Why the ‘Sugar Rush’ Is Actually Making You Miserable

Melissa Matthews
Photo credit: Scott Grummett - Getty Images
Photo credit: Scott Grummett - Getty Images

From Men's Health

You may want to rethink relying on that candy bar to power you through an afternoon slump because the idea of a "sugar rush" is nothing more than a myth. In fact, eating sugar actually makes you more fatigued, according to a new study.

Researchers found that people who ate sugary foods reported feeling more fatigued within an hour of consumption compared to those who didn't eat sweet substances. What's more, people who noshed on sugary snacks also felt less mentally alert compared to those who abstained. And while many credit desserts like ice cream with brining them happiness, scientists found that sugar has no effect on mood.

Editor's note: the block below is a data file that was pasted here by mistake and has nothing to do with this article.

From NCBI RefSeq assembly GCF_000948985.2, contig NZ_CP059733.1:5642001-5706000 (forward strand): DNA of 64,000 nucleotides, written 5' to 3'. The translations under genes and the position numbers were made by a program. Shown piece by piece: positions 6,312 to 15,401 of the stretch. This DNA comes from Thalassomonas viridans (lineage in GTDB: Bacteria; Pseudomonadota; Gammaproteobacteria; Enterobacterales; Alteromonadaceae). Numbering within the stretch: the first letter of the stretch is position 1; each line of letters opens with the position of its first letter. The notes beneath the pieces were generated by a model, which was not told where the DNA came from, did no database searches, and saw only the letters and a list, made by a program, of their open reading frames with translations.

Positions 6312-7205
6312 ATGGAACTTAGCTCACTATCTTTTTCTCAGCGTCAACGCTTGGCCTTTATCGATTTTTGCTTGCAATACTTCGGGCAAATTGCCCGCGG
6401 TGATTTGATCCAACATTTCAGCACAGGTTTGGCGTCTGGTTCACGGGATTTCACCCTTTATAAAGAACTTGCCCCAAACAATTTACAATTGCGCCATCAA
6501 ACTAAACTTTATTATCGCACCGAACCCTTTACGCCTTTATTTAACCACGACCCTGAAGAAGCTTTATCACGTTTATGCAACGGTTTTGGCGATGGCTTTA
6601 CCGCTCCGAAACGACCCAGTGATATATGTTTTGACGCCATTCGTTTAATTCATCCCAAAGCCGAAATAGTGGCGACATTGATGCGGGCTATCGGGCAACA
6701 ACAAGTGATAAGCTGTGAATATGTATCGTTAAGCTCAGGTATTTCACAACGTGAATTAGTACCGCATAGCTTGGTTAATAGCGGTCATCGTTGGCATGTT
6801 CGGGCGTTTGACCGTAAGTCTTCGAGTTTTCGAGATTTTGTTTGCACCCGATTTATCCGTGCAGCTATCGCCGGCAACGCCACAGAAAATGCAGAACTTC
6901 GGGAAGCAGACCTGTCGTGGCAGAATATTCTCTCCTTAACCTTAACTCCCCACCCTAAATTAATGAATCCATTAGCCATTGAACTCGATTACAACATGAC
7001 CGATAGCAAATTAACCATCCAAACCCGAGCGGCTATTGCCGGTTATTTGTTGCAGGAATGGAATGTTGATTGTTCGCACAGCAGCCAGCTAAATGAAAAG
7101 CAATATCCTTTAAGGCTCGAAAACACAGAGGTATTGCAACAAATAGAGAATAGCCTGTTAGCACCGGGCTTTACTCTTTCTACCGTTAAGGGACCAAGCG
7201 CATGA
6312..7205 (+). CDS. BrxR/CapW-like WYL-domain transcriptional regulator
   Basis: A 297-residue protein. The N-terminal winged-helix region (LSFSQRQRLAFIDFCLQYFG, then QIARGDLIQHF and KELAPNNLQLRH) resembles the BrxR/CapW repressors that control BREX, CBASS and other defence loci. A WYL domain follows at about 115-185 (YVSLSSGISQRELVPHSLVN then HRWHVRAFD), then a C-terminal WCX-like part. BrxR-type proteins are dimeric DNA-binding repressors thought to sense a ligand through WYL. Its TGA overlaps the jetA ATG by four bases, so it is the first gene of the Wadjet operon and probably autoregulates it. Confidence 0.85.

Data from 1300 adults who participated in 31 different studies was used for the analysis, published in Neuroscience & Behavioral Reviews. The team hopes their finding will dispel this myth and push people to find other sources of energy.

"Our findings very clearly indicate that such claims are not substantiated–if anything, sugar will probably make you feel worse," said study co-author Konstantinos Mantantzis, PhD, in a statement.

So, what will keep you energized? Eating a combination of protein, fat, and carbs, said Valerie Goldstein, M.S., R.D. She previously explained to Men's Health that a well-balanced meal keeps you going all day.

Her top picks for meal time include oatmeal with yogurt, hardboiled eggs, or even mussels, since it's rich in B12.

“B12 is required for energy metabolism and the body cannot create on its own,” said Goldstein. “That vitamin is essential for turning the food we eat into energy.”

And of course there's the common standby: coffee. But you might want to skip adding a spoonful of sugar.

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